A recent study suggests the amount of plastic in the ocean increases by more than four million metric tons each year. Researchers with the University of California, who conducted the study, further concluded that a vast majority if the waste originates in Asia.
In addition to being unsightly, ocean plastic poses a serious threat to marine life. When ingested, plastic can cause animals and fish to choke or experience intestinal blockage. Toxic chemicals, which are released by plastic particles, are also a significant concern.
Professor Kara Lavender Law, with the Sea Education Association, co-authored the study. Law said the numbers could be misleading, as the researchers focused on “plastic that floats.” Unfortunately, the ocean floor and beaches are also littered with an unsettling amount of plastic waste.
According to the study, China tops the list of polluters. Researchers estimate China releases up to 2.4 million metric tons of plastic into the ocean each year. In contrast, the United States is responsible for an estimated 77,000 metric tons of ocean plastic.
As reported by New Scientist, the countries responsible for a majority of the waste have two things in common: “high coastal populations and low rates of plastic recycling.”
UCSB Professor Roland Gryer, who also co-authored the study, said cleaning up the ocean plastic would be “simply unfeasible.” Instead, he suggests an increased focus on prevention.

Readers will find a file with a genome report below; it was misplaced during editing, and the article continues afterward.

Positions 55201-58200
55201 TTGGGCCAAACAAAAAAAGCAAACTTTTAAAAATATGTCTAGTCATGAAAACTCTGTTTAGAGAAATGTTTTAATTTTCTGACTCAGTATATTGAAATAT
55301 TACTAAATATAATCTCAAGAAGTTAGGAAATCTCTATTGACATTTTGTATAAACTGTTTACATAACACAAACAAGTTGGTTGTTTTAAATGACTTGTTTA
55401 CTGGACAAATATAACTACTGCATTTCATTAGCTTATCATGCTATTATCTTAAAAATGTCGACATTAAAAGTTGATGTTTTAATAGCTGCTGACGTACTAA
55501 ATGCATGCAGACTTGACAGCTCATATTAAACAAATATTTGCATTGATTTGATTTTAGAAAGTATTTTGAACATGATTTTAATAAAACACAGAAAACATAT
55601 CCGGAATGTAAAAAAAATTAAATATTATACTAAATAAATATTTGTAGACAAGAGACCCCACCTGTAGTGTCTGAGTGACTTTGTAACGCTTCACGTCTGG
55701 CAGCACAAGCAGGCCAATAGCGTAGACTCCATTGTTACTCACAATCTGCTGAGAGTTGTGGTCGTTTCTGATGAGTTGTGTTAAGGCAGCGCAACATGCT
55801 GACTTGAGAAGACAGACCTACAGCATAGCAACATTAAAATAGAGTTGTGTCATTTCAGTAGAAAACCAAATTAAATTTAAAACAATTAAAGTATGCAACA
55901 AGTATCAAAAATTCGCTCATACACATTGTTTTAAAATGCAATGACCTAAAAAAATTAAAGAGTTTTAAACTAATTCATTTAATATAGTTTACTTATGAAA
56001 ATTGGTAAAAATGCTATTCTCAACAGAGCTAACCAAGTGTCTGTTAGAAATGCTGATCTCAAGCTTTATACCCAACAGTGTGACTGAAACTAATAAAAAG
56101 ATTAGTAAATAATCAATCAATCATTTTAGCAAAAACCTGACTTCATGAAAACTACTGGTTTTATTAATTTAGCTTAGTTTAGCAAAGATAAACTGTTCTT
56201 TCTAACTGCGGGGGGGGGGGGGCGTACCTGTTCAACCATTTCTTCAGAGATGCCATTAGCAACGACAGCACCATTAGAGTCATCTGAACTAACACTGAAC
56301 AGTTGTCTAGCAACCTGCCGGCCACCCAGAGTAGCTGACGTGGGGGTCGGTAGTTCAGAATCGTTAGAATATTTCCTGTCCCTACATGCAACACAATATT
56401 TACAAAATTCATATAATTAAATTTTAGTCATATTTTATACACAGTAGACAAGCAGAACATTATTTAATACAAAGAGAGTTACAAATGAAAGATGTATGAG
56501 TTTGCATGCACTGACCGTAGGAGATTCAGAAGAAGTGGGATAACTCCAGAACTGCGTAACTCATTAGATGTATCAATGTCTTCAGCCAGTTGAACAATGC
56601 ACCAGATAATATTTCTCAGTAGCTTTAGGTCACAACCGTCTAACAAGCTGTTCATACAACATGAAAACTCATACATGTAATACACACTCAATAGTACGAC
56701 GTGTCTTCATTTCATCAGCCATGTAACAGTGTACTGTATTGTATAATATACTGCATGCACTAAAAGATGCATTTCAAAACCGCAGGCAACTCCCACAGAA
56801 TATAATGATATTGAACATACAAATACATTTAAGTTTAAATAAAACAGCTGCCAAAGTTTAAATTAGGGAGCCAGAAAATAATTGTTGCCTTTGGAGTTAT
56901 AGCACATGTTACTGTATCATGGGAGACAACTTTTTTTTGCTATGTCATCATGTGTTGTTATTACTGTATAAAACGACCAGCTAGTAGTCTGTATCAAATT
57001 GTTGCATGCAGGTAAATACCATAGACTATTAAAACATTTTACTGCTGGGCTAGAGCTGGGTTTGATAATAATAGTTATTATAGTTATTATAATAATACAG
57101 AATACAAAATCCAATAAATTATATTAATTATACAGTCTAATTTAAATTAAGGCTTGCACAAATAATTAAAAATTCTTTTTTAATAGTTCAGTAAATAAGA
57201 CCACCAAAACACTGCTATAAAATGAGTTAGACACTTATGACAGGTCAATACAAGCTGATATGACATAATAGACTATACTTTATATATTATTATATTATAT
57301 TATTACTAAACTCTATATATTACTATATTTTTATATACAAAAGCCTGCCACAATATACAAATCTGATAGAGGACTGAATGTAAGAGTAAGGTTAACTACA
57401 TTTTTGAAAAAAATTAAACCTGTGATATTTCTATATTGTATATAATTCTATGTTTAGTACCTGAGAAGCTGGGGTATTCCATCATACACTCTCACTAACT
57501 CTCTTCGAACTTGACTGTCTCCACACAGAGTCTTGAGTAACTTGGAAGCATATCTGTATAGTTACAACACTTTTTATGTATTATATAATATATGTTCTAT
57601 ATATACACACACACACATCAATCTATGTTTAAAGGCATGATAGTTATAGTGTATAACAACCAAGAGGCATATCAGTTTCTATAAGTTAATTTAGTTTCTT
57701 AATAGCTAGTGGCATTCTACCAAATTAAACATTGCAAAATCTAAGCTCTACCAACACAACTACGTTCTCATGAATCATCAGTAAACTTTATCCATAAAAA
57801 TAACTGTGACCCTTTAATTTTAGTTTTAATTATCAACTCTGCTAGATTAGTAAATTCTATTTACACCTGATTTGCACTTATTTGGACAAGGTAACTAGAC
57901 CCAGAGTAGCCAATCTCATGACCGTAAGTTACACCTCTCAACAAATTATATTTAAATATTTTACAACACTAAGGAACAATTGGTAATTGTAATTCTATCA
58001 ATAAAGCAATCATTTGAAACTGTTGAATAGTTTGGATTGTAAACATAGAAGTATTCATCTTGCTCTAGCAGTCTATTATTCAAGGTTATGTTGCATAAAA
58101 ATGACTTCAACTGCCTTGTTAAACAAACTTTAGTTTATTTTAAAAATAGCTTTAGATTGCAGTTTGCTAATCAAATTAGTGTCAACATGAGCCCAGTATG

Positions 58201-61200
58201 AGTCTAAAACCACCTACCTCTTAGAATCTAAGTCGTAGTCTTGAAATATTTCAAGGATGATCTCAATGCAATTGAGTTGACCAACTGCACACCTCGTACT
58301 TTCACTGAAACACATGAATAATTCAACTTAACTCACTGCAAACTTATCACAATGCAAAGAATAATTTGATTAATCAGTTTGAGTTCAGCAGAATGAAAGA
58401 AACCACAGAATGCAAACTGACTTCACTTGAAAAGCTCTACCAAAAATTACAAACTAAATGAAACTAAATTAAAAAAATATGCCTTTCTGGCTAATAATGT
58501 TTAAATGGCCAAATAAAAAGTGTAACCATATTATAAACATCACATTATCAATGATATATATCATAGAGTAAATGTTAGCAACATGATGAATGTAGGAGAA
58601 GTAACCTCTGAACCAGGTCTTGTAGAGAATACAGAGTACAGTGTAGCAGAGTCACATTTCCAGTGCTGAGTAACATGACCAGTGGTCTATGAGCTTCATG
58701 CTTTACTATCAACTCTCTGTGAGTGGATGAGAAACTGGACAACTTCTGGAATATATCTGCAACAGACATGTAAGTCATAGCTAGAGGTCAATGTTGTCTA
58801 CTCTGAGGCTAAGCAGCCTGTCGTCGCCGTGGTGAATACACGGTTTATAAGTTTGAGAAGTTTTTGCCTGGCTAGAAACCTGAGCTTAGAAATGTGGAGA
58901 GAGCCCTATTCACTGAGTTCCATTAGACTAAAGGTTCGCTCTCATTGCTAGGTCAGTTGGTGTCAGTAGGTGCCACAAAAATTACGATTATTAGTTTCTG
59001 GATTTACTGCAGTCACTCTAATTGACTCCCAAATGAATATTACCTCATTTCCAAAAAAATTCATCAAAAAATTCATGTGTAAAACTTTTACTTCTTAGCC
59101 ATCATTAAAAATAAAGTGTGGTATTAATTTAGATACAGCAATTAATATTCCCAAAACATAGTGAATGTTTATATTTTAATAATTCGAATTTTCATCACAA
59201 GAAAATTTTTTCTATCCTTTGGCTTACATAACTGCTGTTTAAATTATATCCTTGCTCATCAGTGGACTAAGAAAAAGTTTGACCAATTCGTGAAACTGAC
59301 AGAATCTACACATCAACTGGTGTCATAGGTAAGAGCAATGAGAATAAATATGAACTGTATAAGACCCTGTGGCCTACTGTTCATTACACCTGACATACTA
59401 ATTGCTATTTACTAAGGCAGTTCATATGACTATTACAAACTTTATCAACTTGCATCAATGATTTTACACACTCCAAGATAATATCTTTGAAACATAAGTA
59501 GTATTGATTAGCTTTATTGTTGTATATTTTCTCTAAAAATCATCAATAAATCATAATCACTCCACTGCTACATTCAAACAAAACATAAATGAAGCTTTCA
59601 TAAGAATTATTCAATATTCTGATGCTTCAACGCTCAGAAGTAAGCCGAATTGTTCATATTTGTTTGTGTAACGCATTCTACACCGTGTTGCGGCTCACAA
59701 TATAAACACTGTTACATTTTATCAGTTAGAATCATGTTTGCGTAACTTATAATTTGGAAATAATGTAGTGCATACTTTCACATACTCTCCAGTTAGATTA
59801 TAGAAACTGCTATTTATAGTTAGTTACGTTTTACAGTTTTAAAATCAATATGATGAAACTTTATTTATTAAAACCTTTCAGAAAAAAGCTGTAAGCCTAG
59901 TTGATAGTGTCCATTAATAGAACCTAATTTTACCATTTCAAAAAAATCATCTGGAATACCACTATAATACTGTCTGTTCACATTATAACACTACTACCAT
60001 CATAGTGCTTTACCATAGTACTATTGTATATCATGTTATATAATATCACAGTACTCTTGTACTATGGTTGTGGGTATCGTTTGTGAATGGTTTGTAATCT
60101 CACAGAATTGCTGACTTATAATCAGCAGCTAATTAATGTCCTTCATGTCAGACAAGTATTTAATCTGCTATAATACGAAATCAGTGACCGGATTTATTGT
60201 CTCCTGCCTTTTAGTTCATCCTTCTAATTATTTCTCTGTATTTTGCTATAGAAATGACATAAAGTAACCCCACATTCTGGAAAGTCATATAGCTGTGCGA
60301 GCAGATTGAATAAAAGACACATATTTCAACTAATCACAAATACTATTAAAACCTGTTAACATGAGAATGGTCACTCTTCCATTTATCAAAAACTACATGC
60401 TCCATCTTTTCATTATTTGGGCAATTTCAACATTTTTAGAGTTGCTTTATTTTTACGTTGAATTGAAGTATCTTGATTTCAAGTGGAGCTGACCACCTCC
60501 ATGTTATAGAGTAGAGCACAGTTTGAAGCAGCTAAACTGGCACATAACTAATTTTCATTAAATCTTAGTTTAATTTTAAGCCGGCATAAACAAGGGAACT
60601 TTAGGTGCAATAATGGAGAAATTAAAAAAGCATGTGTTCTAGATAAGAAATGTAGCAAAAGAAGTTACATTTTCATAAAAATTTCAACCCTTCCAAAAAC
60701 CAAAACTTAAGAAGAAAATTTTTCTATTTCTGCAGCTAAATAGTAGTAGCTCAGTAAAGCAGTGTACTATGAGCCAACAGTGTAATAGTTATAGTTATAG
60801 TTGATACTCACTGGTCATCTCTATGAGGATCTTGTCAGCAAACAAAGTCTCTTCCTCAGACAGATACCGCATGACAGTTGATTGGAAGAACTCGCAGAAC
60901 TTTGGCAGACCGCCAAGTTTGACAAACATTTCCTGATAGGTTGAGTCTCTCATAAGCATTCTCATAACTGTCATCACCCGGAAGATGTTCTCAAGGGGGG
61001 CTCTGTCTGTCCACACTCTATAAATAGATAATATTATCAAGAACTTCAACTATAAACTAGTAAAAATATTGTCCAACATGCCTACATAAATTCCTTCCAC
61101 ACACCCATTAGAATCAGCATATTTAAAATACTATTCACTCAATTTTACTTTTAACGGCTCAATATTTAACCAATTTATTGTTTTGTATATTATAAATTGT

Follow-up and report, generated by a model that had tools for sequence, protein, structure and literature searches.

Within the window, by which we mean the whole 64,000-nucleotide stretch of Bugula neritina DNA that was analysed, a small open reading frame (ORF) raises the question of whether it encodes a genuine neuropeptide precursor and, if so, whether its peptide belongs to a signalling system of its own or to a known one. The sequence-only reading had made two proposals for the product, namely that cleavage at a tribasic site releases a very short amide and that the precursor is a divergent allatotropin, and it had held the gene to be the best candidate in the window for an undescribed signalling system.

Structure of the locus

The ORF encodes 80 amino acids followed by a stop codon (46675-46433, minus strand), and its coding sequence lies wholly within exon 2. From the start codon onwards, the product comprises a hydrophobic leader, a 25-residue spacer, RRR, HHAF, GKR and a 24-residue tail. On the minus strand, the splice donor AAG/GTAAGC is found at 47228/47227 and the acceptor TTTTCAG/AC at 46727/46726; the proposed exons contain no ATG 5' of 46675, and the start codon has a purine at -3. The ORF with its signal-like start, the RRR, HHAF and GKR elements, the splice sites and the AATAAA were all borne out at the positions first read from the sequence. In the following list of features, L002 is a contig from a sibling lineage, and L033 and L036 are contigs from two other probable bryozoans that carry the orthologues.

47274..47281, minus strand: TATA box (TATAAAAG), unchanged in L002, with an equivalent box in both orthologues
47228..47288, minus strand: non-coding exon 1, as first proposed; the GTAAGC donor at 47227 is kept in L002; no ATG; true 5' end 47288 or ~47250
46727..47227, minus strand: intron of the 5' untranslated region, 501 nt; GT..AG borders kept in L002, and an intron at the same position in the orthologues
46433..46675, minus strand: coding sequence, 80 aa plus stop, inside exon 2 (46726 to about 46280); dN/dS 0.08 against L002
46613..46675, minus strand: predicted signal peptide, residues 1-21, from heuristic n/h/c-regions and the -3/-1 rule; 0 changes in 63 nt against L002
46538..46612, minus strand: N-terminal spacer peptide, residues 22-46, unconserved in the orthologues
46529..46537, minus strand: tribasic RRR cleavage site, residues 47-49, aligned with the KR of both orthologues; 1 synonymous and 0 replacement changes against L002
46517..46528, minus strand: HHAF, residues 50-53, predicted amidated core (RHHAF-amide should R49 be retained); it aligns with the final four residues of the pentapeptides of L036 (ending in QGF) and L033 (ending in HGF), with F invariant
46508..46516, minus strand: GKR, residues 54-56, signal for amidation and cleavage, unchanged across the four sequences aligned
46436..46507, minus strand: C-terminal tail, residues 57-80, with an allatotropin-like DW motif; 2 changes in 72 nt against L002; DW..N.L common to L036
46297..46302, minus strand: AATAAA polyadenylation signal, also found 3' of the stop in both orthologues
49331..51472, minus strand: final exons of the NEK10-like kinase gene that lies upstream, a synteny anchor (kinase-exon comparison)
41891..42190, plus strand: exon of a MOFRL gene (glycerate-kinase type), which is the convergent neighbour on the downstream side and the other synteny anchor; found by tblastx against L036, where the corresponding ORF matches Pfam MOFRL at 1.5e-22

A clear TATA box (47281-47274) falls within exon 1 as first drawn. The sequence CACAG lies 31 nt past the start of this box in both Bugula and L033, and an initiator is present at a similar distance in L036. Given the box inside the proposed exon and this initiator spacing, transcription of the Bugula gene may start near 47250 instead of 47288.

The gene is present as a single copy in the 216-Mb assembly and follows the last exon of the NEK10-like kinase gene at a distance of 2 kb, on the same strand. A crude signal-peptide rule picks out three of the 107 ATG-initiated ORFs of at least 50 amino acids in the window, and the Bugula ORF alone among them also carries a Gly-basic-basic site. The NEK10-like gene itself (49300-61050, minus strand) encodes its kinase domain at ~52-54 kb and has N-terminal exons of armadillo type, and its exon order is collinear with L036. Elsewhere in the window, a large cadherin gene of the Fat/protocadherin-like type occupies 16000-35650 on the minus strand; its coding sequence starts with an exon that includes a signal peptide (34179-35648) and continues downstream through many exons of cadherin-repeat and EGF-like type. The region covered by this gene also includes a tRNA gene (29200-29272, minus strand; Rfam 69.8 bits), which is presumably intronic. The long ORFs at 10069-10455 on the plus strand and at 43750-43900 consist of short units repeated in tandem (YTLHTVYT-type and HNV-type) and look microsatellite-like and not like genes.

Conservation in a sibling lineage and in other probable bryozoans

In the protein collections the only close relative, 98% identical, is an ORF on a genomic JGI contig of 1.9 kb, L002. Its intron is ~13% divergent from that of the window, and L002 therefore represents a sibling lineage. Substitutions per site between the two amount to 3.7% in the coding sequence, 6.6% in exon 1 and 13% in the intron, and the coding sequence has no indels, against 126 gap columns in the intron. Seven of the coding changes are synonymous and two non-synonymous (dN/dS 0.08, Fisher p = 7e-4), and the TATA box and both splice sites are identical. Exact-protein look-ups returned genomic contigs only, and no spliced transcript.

“… we need to prevent plastic from entering the oceans in the first place through better waste management, more reuse and recycling, better product design and material substitution.”
Researchers with the National Center for Ecological Analysis and Synthesis forecast ocean waste will reach an estimated “155 million metric tons by 2025” — without any further preventative measures. However, NCEAS Director Frank Davis is confident that there are “achievable solutions that could reverse the alarming trend in plastics being dumped into our oceans.”
As reported by R & D Magazine, the University of Florida researchers have suggested expanding waste management and encouraging manufacturers to reduce plastic waste in developing countries. Industrialized countries can reduce waste by managing manufacturing waste, eliminating litter, and “curbing the use of single-use plastic” products.
Although a large portion of the plastic waste is visible on the ocean’s surface, much of the waste is broken up into microplastics — which are far more difficult to detect. Marcus Eriksen, who led the study, said microplastics often settle on the ocean floor or become trapped in ice. Therefore, “we should stop thinking of plastic waste in terms of unsightly chunks of debris… and instead see it more as a pervasive ‘plastic smog’ of tiny particles.”
As the amount of ocean plastic is expected to increase in coming years, it is imperative that manufacturers and individuals work together to reduce waste and prevent irreparable damage to the world’s oceans and marine life.
[Image via Getty Images Europe]